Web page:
Revisiting the Recent History of Chernobyl
33 years on from the Chernobyl nuclear disaster, Ukrainian photographer Maxim Dondyuk brings together his own images and negatives he found abandoned across the surrounding sites to present a different reading of the region’s past.
On the day of 27 April, 1986, people in the cities and villages in the region around Chernobyl heard a notice of a temporary evacuation because of an “adverse radiation situation”. At that moment, not everyone understood that these words meant an explosion at the nuclear power plant in Prypiat. The Soviet government promised people that they would return in a few days. They didn’t allow people to take with them anything except their most necessary belongings, which they would need for this short period. Unfortunately, most people didn’t see their homes again, not to mention priceless items like letters and photos of relatives and friends. With time, these memories were covered with a thick layer of trash, mud and radiation.
Today, for everyone Chernobyl is only associated with a tragedy at the nuclear power plant and its consequences. But what if we go back to the flourishing times that were so far from the events of 1986? This is where the Untitled Project begins.
When I crossed the border of the exclusion zone for the first time, I was fascinated: entire villages and cities were disappearing under heavy branches of trees and shrubs. The once prosperous territories were now watching me silently. My project started as a visual exploration of the abandoned areas, villages and homes. But over time I discovered that these houses, like museums, stored so many memorable things; things that for all this time have just been rotting under a thick layer of trash and mud. Old films, family photographs, postcards, letters. The more time went on, the fewer memories of people who inhabited these lands remained. Looters took everything that was worth something, except these historical objects. I couldn’t watch how a huge part of history was disappearing: all my attention was turned to an attempt to find and save these memories.
This project is like an archaeological dig. Going through heaps of garbage in destroyed houses, I learned more and more about their inhabitants. Lost memories were everywhere: on the floor and under broken furniture, some of them totally destroyed, some still intact. It was impossible to predict whether found films retained at least some images. Everything was covered with dirt. It took lots of time to clean them, dry and organise. Among the photos eaten by mould appeared smiling faces, people on holiday, wedding ceremonies, the birth of children. I didn’t expect to find such a large archive. Chernobyl was no longer associated with death and tragedy for me.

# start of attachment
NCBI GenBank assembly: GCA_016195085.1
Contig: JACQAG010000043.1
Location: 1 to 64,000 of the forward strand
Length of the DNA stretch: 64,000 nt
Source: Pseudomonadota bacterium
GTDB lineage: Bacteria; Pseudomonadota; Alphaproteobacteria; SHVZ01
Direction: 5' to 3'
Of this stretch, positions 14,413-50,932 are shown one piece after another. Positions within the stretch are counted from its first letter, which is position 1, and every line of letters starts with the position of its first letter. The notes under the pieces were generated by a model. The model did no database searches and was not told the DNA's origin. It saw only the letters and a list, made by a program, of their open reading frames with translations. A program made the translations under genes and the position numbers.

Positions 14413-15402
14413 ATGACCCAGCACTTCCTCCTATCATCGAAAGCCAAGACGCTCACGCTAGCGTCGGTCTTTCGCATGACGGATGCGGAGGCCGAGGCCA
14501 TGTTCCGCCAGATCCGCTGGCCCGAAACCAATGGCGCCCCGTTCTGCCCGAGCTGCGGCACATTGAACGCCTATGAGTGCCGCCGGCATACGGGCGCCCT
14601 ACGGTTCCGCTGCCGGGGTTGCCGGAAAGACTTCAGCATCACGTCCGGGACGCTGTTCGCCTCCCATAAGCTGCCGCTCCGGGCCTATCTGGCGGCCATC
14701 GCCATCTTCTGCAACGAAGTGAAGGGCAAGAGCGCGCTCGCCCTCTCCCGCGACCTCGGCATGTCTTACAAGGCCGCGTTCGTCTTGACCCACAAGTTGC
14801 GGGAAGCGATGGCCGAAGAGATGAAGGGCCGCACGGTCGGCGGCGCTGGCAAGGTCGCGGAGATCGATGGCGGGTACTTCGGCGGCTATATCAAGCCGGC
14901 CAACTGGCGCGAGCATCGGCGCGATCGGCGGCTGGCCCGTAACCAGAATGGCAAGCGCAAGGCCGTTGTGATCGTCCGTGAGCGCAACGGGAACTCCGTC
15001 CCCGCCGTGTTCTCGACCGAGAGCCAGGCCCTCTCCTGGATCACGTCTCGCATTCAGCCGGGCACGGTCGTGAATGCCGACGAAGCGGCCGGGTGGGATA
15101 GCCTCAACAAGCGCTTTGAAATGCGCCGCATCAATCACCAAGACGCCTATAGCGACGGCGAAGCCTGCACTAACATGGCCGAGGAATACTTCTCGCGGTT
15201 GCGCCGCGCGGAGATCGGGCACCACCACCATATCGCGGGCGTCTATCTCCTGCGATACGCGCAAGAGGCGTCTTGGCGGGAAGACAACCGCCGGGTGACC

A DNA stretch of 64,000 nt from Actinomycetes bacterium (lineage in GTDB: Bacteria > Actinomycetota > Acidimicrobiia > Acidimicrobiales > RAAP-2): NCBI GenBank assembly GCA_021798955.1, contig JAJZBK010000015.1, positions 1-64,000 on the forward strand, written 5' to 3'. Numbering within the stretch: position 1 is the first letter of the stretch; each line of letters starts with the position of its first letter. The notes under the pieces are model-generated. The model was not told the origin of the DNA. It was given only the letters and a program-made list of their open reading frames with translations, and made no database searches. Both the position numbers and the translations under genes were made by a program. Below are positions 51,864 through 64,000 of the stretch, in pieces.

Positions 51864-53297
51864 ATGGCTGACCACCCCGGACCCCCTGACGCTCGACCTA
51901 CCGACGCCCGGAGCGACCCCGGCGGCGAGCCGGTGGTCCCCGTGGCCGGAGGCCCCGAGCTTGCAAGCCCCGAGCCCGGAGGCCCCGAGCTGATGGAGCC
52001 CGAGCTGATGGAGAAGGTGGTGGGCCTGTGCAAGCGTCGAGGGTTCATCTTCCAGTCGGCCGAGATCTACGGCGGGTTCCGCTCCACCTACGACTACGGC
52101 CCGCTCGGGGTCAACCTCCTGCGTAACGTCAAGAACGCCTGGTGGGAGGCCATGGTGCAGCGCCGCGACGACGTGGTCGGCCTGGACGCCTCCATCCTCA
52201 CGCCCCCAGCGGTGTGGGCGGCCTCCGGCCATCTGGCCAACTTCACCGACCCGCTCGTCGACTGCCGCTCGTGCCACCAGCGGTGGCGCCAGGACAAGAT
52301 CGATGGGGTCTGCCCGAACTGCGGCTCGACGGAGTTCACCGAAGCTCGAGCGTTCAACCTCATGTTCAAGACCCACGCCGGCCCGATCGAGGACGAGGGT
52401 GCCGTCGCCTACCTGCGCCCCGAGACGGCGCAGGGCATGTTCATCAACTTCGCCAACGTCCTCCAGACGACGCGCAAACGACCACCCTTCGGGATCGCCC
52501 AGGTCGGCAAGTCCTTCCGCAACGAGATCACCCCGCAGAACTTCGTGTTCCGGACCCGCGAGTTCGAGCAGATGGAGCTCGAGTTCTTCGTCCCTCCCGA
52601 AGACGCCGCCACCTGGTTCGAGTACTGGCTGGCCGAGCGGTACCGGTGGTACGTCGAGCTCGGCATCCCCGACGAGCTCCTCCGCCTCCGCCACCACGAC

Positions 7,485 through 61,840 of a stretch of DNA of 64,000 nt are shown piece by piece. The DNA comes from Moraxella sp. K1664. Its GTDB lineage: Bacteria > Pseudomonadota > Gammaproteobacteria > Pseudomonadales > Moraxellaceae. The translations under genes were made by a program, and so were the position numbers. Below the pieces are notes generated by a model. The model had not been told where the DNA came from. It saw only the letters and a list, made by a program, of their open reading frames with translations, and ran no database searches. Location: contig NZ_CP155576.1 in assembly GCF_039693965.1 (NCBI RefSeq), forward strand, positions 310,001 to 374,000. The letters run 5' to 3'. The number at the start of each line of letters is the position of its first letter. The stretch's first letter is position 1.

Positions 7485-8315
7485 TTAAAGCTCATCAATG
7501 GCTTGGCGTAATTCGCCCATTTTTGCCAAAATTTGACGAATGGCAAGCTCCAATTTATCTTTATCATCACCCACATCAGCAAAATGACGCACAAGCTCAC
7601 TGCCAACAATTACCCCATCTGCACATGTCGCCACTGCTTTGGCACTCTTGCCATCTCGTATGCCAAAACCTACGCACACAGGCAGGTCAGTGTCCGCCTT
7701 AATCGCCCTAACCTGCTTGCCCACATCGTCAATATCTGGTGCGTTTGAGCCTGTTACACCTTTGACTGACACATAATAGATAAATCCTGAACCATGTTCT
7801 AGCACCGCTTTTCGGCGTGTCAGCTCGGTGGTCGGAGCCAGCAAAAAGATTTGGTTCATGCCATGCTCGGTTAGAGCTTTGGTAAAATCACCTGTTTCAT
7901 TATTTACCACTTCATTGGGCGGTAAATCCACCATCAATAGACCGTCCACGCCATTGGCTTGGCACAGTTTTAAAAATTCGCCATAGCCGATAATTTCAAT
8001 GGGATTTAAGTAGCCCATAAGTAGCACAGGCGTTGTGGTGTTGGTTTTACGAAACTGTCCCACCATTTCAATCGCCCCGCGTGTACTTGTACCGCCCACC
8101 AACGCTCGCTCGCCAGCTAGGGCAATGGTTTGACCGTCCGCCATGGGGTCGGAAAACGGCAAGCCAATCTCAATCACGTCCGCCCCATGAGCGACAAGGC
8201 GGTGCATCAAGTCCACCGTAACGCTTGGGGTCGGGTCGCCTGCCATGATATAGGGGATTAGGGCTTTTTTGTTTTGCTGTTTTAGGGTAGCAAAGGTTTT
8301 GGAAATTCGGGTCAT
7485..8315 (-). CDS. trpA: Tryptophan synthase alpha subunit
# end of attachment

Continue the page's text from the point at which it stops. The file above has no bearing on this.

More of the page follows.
My visual exploration of the present led me to the past, and the two spaces were intertwined with one another. Observing the deserted and silent landscapes of the territories that were destroyed by nuclear energy, at the same time we are witnessing life full of happiness, hope and love. The same villages, the same houses appear to us in the state as they were before nuclear energy pushed humans out of their homes. This is the story in which Chernobyl is still an unknown city for the world: here you won’t find traces of grief or tragedy. This project shows the consequences of nuclear development and the life that existed prior to this destructive force.
So the question is, do we really in need of nuclear power? And do we have the strength to control it?
Words and Pictures by Maxim Dondyuk.
Maxim Dondyuk (b. 1983, Ukraine) is a visual artist, who works with documentary photography, including archival material. His works have been exhibited widely and he was honoured numerous awards, including the Prix Pictet Photography Prize, Lucie Awards and Remi Ochlik Award. Find him on PHmuseum.
This feature is part of Story of the Week, a selection of relevant projects from our community handpicked by the PHmuseum curators.